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Journal of Trauma Management & Outcomes BioMed Central Open Access Research 'Damage control orthopaedics' in patients with delayed referral to a tertiary care center: experience from a place where Composite Trauma Centers do not exist Shabir Ahmed Dhar*1, Masood Iqbal Bhat2, Ajaz Mustafa3, Mohammed Ramzan Mir1, Mohammed Farooq Butt1, Manzoor Ahmed Halwai1, Amin Tabish3, Murtaza Asif Ali1 and Arshiya Hamid4 Address: 1Department of Orthopaedics, Government Medical College, Srinagar, Jammu and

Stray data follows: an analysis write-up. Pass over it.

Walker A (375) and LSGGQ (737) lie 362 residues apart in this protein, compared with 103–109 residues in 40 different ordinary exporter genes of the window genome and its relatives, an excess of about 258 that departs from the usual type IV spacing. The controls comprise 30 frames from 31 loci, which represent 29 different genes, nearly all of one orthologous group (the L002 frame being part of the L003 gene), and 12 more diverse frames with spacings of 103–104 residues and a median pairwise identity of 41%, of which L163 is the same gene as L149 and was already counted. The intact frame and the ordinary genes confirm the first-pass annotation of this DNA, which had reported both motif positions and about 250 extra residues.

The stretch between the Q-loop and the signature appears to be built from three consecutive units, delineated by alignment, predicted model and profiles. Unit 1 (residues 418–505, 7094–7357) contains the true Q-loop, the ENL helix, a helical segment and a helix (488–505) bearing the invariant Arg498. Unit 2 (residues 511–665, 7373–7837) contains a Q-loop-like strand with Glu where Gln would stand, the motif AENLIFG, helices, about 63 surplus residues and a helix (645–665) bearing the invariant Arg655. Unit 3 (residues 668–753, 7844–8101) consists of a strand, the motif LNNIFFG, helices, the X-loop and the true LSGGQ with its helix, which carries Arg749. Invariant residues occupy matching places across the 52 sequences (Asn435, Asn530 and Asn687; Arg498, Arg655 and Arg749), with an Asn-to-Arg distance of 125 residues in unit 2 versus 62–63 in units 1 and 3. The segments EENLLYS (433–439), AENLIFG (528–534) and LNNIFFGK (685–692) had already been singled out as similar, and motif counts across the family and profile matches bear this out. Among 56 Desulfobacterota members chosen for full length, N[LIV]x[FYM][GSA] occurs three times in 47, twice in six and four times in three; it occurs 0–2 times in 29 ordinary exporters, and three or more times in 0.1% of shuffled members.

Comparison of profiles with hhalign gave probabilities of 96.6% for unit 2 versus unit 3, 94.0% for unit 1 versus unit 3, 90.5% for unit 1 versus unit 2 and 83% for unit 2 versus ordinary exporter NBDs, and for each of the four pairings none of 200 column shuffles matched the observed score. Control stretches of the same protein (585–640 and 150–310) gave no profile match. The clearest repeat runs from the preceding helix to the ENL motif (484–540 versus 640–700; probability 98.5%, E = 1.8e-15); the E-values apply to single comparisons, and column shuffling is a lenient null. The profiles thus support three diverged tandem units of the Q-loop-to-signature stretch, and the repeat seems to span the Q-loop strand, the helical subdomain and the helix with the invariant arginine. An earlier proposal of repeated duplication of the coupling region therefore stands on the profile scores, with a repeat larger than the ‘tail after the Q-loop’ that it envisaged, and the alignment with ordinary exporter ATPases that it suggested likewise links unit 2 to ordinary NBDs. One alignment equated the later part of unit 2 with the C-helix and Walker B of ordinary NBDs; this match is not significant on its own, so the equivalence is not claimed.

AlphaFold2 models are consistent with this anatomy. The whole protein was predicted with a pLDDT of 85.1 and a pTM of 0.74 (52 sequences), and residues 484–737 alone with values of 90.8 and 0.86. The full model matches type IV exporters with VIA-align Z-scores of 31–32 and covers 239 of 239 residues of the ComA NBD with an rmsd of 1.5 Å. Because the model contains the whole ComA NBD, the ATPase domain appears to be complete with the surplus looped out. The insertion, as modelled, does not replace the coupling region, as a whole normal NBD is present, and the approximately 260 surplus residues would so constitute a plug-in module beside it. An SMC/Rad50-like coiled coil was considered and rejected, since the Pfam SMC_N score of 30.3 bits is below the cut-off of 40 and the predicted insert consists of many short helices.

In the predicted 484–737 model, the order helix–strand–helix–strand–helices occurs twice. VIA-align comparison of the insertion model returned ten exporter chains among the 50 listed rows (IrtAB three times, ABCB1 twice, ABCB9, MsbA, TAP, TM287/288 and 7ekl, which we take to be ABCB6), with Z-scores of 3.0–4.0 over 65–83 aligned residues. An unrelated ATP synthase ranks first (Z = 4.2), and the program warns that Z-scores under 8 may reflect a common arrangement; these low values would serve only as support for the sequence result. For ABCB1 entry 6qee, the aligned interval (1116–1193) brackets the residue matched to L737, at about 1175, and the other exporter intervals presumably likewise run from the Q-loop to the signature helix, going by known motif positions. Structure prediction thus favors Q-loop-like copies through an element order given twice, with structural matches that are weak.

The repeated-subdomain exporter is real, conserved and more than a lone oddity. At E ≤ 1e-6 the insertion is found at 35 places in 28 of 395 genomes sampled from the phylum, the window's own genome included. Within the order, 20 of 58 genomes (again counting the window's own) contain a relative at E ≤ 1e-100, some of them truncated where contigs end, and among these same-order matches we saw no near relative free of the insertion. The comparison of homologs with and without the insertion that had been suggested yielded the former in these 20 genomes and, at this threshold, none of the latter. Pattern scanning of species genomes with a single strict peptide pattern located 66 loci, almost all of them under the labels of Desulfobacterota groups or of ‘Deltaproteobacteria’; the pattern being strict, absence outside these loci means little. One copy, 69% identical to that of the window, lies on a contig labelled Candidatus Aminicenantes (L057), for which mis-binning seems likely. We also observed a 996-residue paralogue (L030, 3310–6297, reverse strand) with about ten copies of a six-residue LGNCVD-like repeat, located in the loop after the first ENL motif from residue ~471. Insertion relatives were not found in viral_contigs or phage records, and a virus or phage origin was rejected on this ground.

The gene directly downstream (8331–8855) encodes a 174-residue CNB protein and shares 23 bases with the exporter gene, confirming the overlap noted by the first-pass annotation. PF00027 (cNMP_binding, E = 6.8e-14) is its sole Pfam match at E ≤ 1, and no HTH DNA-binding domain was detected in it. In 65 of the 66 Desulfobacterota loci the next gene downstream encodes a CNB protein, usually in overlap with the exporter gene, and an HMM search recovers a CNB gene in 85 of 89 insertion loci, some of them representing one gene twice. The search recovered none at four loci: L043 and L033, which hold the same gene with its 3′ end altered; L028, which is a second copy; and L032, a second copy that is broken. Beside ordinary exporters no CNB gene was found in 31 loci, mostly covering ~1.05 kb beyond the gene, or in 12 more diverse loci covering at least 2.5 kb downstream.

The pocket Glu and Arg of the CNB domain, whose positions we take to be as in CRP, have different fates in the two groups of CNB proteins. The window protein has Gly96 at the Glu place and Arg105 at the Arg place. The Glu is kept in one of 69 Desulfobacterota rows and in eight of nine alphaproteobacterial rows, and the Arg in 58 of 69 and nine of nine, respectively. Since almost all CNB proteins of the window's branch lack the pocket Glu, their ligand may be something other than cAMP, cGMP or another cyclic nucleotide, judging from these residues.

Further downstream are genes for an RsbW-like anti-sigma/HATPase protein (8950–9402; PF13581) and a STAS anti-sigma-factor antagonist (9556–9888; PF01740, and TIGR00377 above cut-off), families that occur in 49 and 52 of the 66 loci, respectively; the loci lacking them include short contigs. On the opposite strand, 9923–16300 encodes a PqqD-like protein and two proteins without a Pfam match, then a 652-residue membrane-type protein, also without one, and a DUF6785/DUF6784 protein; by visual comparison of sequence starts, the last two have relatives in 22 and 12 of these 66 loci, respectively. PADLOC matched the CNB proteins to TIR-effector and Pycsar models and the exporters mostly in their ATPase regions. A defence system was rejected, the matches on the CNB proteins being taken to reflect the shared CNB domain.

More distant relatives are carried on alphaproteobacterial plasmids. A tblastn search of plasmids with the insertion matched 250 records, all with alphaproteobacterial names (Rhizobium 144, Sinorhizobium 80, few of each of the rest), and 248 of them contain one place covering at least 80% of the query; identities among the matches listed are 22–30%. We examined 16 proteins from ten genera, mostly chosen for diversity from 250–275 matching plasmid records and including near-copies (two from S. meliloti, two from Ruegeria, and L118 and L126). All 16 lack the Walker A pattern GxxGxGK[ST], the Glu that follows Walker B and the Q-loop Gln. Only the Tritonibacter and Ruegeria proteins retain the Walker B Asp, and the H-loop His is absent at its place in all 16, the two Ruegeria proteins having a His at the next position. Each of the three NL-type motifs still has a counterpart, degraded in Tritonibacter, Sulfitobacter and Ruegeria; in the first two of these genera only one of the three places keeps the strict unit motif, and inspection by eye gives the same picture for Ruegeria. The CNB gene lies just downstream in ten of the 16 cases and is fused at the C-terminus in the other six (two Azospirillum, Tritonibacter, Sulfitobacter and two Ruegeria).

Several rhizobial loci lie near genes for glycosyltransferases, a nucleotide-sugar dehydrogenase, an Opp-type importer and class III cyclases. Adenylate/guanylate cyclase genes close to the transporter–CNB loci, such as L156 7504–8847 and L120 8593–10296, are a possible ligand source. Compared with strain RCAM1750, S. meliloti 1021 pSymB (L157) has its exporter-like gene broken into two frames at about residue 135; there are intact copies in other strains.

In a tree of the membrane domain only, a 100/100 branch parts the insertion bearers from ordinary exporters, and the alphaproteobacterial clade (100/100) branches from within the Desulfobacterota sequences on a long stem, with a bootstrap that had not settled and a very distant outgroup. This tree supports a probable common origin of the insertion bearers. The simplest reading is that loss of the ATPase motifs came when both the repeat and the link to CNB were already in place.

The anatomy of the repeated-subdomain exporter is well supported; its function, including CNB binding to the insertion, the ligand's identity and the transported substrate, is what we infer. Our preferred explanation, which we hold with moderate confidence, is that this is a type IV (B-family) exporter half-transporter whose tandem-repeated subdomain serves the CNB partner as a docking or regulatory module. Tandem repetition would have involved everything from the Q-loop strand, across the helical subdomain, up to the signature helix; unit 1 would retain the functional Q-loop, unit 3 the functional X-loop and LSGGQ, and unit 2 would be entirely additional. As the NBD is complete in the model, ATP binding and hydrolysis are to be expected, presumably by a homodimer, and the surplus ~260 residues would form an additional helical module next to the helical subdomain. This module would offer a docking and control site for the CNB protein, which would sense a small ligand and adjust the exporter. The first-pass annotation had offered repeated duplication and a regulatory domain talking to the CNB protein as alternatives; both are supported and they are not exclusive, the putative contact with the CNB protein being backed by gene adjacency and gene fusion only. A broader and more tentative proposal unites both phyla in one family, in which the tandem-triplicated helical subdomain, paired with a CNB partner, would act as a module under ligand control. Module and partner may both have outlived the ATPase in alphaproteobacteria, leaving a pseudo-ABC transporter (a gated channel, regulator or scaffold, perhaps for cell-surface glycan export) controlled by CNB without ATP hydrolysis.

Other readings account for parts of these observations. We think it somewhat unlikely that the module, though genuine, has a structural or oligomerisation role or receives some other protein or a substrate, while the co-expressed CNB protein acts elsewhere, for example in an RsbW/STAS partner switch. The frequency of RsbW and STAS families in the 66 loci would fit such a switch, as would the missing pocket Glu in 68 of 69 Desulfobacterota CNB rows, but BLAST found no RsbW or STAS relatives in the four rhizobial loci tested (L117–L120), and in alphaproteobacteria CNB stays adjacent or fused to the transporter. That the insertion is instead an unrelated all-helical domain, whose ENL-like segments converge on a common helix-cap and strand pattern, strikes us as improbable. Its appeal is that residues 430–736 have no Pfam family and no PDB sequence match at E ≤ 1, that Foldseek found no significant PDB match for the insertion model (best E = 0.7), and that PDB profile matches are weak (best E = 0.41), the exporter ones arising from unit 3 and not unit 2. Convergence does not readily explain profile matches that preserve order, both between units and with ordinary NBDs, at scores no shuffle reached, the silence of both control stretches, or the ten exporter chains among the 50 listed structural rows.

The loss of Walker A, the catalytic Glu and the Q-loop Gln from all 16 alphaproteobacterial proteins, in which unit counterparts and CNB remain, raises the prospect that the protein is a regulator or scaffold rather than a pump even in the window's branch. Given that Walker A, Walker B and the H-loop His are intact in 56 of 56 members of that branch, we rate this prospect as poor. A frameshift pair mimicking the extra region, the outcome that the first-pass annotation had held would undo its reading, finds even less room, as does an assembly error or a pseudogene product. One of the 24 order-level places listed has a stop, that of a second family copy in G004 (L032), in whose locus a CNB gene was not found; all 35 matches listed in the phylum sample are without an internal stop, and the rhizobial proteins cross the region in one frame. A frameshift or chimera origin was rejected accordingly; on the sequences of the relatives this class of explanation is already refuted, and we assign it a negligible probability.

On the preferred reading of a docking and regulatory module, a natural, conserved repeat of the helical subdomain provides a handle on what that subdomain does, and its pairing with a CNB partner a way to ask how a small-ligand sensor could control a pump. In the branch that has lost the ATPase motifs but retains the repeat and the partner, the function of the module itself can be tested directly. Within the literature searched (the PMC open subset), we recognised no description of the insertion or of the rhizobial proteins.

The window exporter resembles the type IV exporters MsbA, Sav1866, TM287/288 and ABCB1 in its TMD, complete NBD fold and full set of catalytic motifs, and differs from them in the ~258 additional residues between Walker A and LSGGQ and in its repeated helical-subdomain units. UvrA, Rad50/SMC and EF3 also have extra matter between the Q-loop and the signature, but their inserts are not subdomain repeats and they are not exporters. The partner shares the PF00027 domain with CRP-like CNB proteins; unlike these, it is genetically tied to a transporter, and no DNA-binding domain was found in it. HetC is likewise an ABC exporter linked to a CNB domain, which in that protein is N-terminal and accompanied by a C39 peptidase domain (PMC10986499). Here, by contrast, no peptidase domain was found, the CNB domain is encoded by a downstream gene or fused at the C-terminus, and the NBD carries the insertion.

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  BioMed   Central Page 1 of 6 (page number not for citation purposes) Journal of Trauma Management & Outcomes Open Access Research 'Damage control orthopaedics' in patients with delayed referral to a tertiary care center: experience from a place where Composite Trauma Centers do not exist ShabirAhmedDhar* 1 , MasoodIqbalBhat  2 , AjazMustafa 3 , MohammedRamzanMir  1 , MohammedFarooqButt  1 , ManzoorAhmedHalwai 1 , AminTabish 3 , MurtazaAsifAli 1  and  ArshiyaHamid 4  Address: 1 Department of Orthopaedics, Government Medical College, Srinagar, Jammu and Kashmir, India, 2 Department of Surgery, Sheri Kashmir institute of medical sciences, Srinagar, Jammu and Kashmir, India, 3 Department of Hospital Administration, Sheri Kashmir institute of medical sciences, Srinagar, Jammu and Kashmir, India and 4 Department of Anaesthesia and critical care, Sheri Kashmir institute of medical sciences, Srinagar, Jammu and Kashmir, IndiaEmail: ShabirAhmedDhar*;;;;;;;;* Corresponding author Abstract Background: Management of orthopaedic injuries in polytrauma cases continues to challenge theorthopaedic traumatologist. Mass disasters compound this challenge further due to delayedreferral. Recently there has been increasing evidence showing that damage control surgery hasadvantages that are absent in the early total care modality. We studied the damage control modalityin the management of polytrauma cases with orthopaedic injuries who had been referred to ourhospital after more than 24 hours of sustaining their injuries in an earthquake. This study wasconducted on 51 cases after reviewing their records and complete management one year after thetrauma. Results: At one year, out of the 62 fractures, 3 were still under treatment, while the others hadunited. As per the radiological and functional scoring there were 20 excellent, 29 good, 5 fair and5 poor results. In spite of the delayed referral there was no mortality. Conclusion: In situations of delayed referral in areas where composite trauma centers do notexist the damage control modality provides an acceptable method of treatment in the managementof polytrauma cases. Background On 8 th October 2005, at 9:20 am IST, an earthquake of magnitude 7.8 on Richter scale struck the Kashmir regionof Asia. Around 90,000 people died in this natural disas-ter. Published: 29 January 2008  Journal of Trauma Management & Outcomes  2008, 2 :2doi:10.1186/1752-2897-2-2Received: 19 June 2007Accepted: 29 January 2008This article is available from:© 2008 Dhar et al; licensee BioMed Central Ltd. This is an Open Access article distributed under the terms of the Creative Commons Attribution License (, which permits unrestricted use, distribution, and reproduction in any medium, provided the srcinal work is properly cited.  Journal of Trauma Management & Outcomes  2008, 2 :2 2 of 6 (page number not for citation purposes) In view of the massive morbidity arising out of this event,the centrally located hospitals in the Srinagar city 120 kil-ometers away from the mainly affected areas, received 823patients over a period of 5 days. A significant number of these patients had sustained polytrauma with involve-ment of multiple systems, in addition to long bone andpelvic fractures. The principles of fracture management in poly-traumapatients continue to be of crucial importance. Over thelast few decades various strategies of fracture treatment inthe multiply injured have evolved [1]. The concept of early total care (ETC) developed in the 80s. Later it became apparent that certain patients did not benefit from ETC. Indeed adverse outcome was encountered. Inspite of this, delaying all orthopedic surgery is also, not always the best approach [2]. In such situations the prin-ciple of Damage Control Orthopedics (DCO) may beused. According to Katsoulis et al the DCO principleshould be applied for skeletal stabilization in patients of poly trauma, the intent being to allow immediate fracturefixation in patients who are not cleared for definitive frac-ture care [3,4]. In mass disasters, orthopaedic care possesses special chal-lenges. Not only are the wounds contaminated but thepatients have to undergo prolonged evacuation andstaged resuscitation which complicates the basic injuries. The principle of this study is to study the efficacy of dam-age control orthopaedics, when applied to 51 cases of pol- ytrauma in a mass disaster setting in a situation wherecomposite trauma centers do not exist. The study docu-ments the advantages of applying damage control ortho-paedics in a mass disaster where enormous patient loadsare encountered and hospital resources are stretched tothe limit. The study also documents the complicationsassociated with such a treatment modality. Patients and methods  This study was compiled retrospectively with the data of the poly trauma cases admitted to the Government Boneand Joint Surgery Hospital Srinagar 24 hours after theearthquake of October 8 th 2005. 528 cases (468 + 60) were received by two main orthopaedic specialty hospitalslocated around a hundred kilometers from the site of involvement. The patients who arrived and were managed within 24 hours were excluded from the retrospectiveanalysis to focus on the patients with delayed referral. 51patients fitted the inclusion criteria i.e direct referral fromthe site, new injury severity scores more than 18, involve-ment of more than 2 systems. Only patients with at least one of the following 4 fractures were included.1. Femoral fractures2. Tibial fractures.3. Unstable pelvic ring fractures.4. Compound fractures of the humerus. The injury severity score of these patients was calculatedon reviewing the final records. The fractures were classi-fied as per the OTA classification [5]. Compound injuries were classified as per the Gustilo and Anderson classifica-tion [6]. Closed soft tissue injuries were classified as per the classification given by Tscherne and Gotzen [7]. All 51 cases were initially managed with external fixation.Unstable metaphyseal and intra-articular fractures werefixed transarticularly. The open wounds were managed by primary debride-ment, pulsed lavage and drainage. None of the wounds was closed primarily in view of the extent of contamina-tion and delayed referral. After fracture stabilization the patients were referred for the management of neurosurgical, cardiovascular, tho-racic, plastic and general surgery consultation to the near-est hospitals with availability of super-specialty in thesemodalities. The pin sites were dressed daily with a mixtureof dilute hydrogen peroxide and povidone iodine. The patients were referred back after relevant interven-tions in these hospitals for the definitive management of the orthopaedic injuries. Conversion to definitive fixation was performed when the platelet count was above100,000/ μ l and PO2/FIO2 ratio >280. The patients were classified into two groups i.e. infected asdefined by drainage from the wound and pin sites andnon infected where the aforementioned signs were absent. All infected cases were managed with the Ilizarov method-ology. Closed fractures were managed by conversion toIntramedullary nailing if the fracture location was diaphy-seal. Cases where reverse referral was delayed for morethan 4 weeks were reassessed in terms of the reductionand formation of a callus. In case the condition was satis-factory the callus was allowed to consolidate with the fix-ator in situ. All 51 patients were followed up for 1 year and their records assessed at one year in terms of number of interventions, radiological union, function and com-plications. The bone results which were assessed accord-ing to the protocol laid down by the association for thestudy and application of the method of Ilizarov[8,9] An excellent result was defined as union, no infection,deformity of less than 7° and leg length inequality of lessthan 2.5 cm; a good result was defined as union and any two of the other three criteria; a fair result was defined as  Journal of Trauma Management & Outcomes  2008, 2 :2 3 of 6 (page number not for citation purposes) union and one of the other criteria; and a poor result wasdefined as non-union or refracture, or as union in theabsence of any of the other three criteria. The functionalresult was calculated as per the Ilizarov criteria[9]. A note- worthy limp, stiffness of adjacent joints (loss of more than15° of motion), soft tissue sympathetic dystrophy (RSOD), pain that reduced activity or disturbed sleep andinactivity. The functional result was considered excellent if the patient was active and none of the other four criteria were applicable, good if the patient was active but one or two of the other criteria were applicable, fair if the patient  was active but three or four of the other criteria were appli-cable and poor if the patient was inactive. Figures 1, 2, 3, 4. Results [See Additional file 1] Of the 526 cases who were referred to Orthopaedic unitsin the city, 51 had a new injury severity score NISS above18. These patients had been referred from the quake hit areas 24 hours after receiving their injuries. This group of patients with multiple injuries in addition to orthopaedic injuries had an average age of 29.68 years (15–71 years) with a male to female ratio of 29:22. Accompanying inju-ries were thoracic injuries, brain injuries, abdominaltrauma and vascular injuries in 15, 22, 25 and 13 patientsrespectively. 52.9% of our patients had deranged kidney function, a sequel of the crushing trauma and delayedreferral. 8 patients went on to develop renal failure in spiteof renal protective protocols. 6 patients were managed by the DCO modality on day 2, 24 on day 3, 12 on day 4 and9 on day 5. The average NISS of these patients was 23. There were 31 tibial fractures, 27 femoral fractures, 9humeral fractures and 5 unstable pelvic fractures. Accord-ing to the OTA classification there were 27 linear, 16 com-minuted, 2 segmental and 11 cases with bone loss. 20fractures were closed with 5 being G I and 15 G II as per the Tsherne and Gotzen classification. Of the 37 openfractures there were 9 type 1, 21 type II and 8 type III frac-tures as per the Gustilo and Anderson classification. Allfractures were fixed using the AO fixators. 12 were usedtransarticularly in addition to the 5 pelvic fixators. Allpatients were referred for further management on the day of their operation for super-specialty management of their injuries. 36 additional procedures were carried out on 26patients in these centers. 31 patients required intensivecare monitoring. The average duration of return referraland surgery to the orthopaedic units was 21.5 days (7–61days). 9 fractures were treated conservatively, 23 by inter-locking nailing, 1 by plating and 28 were converted to theIlizarov ring fixator. At one year, out of the 62 fractures, 3 were still under treat-ment, while the others had united. As per the radiologicaland functional scoring there were 20 excellent, 29 good, 5fair and 5 poor results. In spite of the delayed referral there was no mortality. Type IIIa fracture tibia stabilized by an external fixator Figure 3 Type IIIa fracture tibia stabilized by an external fixator. The fracture showed signs of union on return referral whence this treatment modality was continued. The final result shows union.   A]Compound Intraarticular fracture of the distal femur Figure 1 A]Compound Intraarticular fracture of the distal femur. B] Stabilized by a transarticular external fixator. C] Final con-version to the Ilizarov fixator.  A] B] C] Type II Compound fracture tibia converted to an Ilizarov fix-ator, and the final result Figure 2 Type II Compound fracture tibia converted to an Ilizarov fix-ator, and the final result.    Journal of Trauma Management & Outcomes  2008, 2 :2 4 of 6 (page number not for citation purposes) Complications at one year included 3 persistent nonunions, 4 cases with significant stiffness and two cases with infection with both having osteomyelitis. Discussion Early fixation of fractures has been found to significantly reduce the incidence of pulmonary complications andorgan failure and to improve survival [10,11]. The princi- ples of fracture management in polytrauma patients con-tinue to be of crucial importance. Over the last 5 decades various strategies of fracture treatment in the multiply injured have been evolved. The various new methodolo-gies remain controversial [1]. The concept of total care (ETC) developed in the 80s withO' Brien et al stating that in a majority of cases of femoralshaft fracture, interlocking, intramedullary nailing can bedone.Oztuna et al found in their experimental study that early internal fixation of long bones results in decreased bilat-eral translocation from the gut [12]. Complications of fractures have been noted for many decades. When treatednon operatively in traction, approximately 20% of young people with femur fractures would develop some manifes-tations of fat embolism. Riska et al also observed that early fixation of femoral fractures resulted in a drop in thefat embolism syndrome [13]. Several studies have docu-mented the reduction in pulmonary complications andorgan failure in early fracture fixation [10,11,14,15]. Recently however application of early total care has beenreported as not being beneficial to all the patients, withadverse outcome being encountered in poly traumapatients [1] The application of early total care in cases with co existing chest injuries, head trauma and those with mangles extremities may be potentially harmful [2]. There is also evidence that an increased complication ratemay be encountered in such cases [6,16]. Pape et al in their study of 35 patients found a sustainedinflammatory response after intramedullary instrumenta-tion. Reinforcing the clinical importance of this, they named it as the phenomenon of the second hit [12]. Addi-tional operative trauma may cause an inflammatory body reaction similar to the systemic reaction after mild tomoderate accidental injury. [ISS < 25] Accordingly initialoperative surgery exceeding 6 hours is critical for the out-come [17].Border stated that the realization that problems that causedeath later on, or produce major problems in ICU care,begin with resuscitation and are present only in those with severe injuries. He also attributed the difficulty of doing the femoral fractures the night of the admission with severe chest injuries, not with the intramedullary nail, but with the reaming [18]. The correct treatment of an injured extremity involves understanding the entirereconstruction process, post operative management andrehabilitation. It is therefore important that the initial sta-bilization includes the vision of definitive fracture care[19]. Performance of limited surgical interventions subse-quently reduces blood loss and transfusion requirements. This can only be beneficial in these critically ill patients,reducing the risk of developing systemic complicationsand early mortality [20]. The principle of Damage Controlorthopaedics (DCO) was used for the first time by Ortho-paedic Surgeons from R. Adams Cowley Shock TraumaCenter [3]. The intent of this principle is not to postponefracture stabilization but to allow immediate fracture fix-ation in patients who are not cleared for definitive fracturecare.Orthopedic Management of a large number of poly-trauma cases in a setting of mass disaster with its inherent challenges has never been studied. The fracture care inpolytrauma cases in mass disasters is complicated further by the occurrence of crush syndrome, renal failure, con-tamination and neurovascular compromise [21].Covey documented the difficulties encountered in manag-ing mass casualties. The challenges require the patients tobe triaged and treated in an austere and dangerous envi-ronment, undergo staged resuscitation and definitive sur-gery and endure prolonged evacuation, often involving air and ground transport [22].In situations of polytrauma with delayed referral being thenorm rather than the exception, the cases are at a higher risk from the second hit. Damage control orthopedics insuch situations may provide additional advantage that  Type IIIb fracture of the tibia stabilized by an external fixator Figure 4 Type IIIb fracture of the tibia stabilized by an external fixator. The fracture was converted to an interlocking nail and the final result is shown.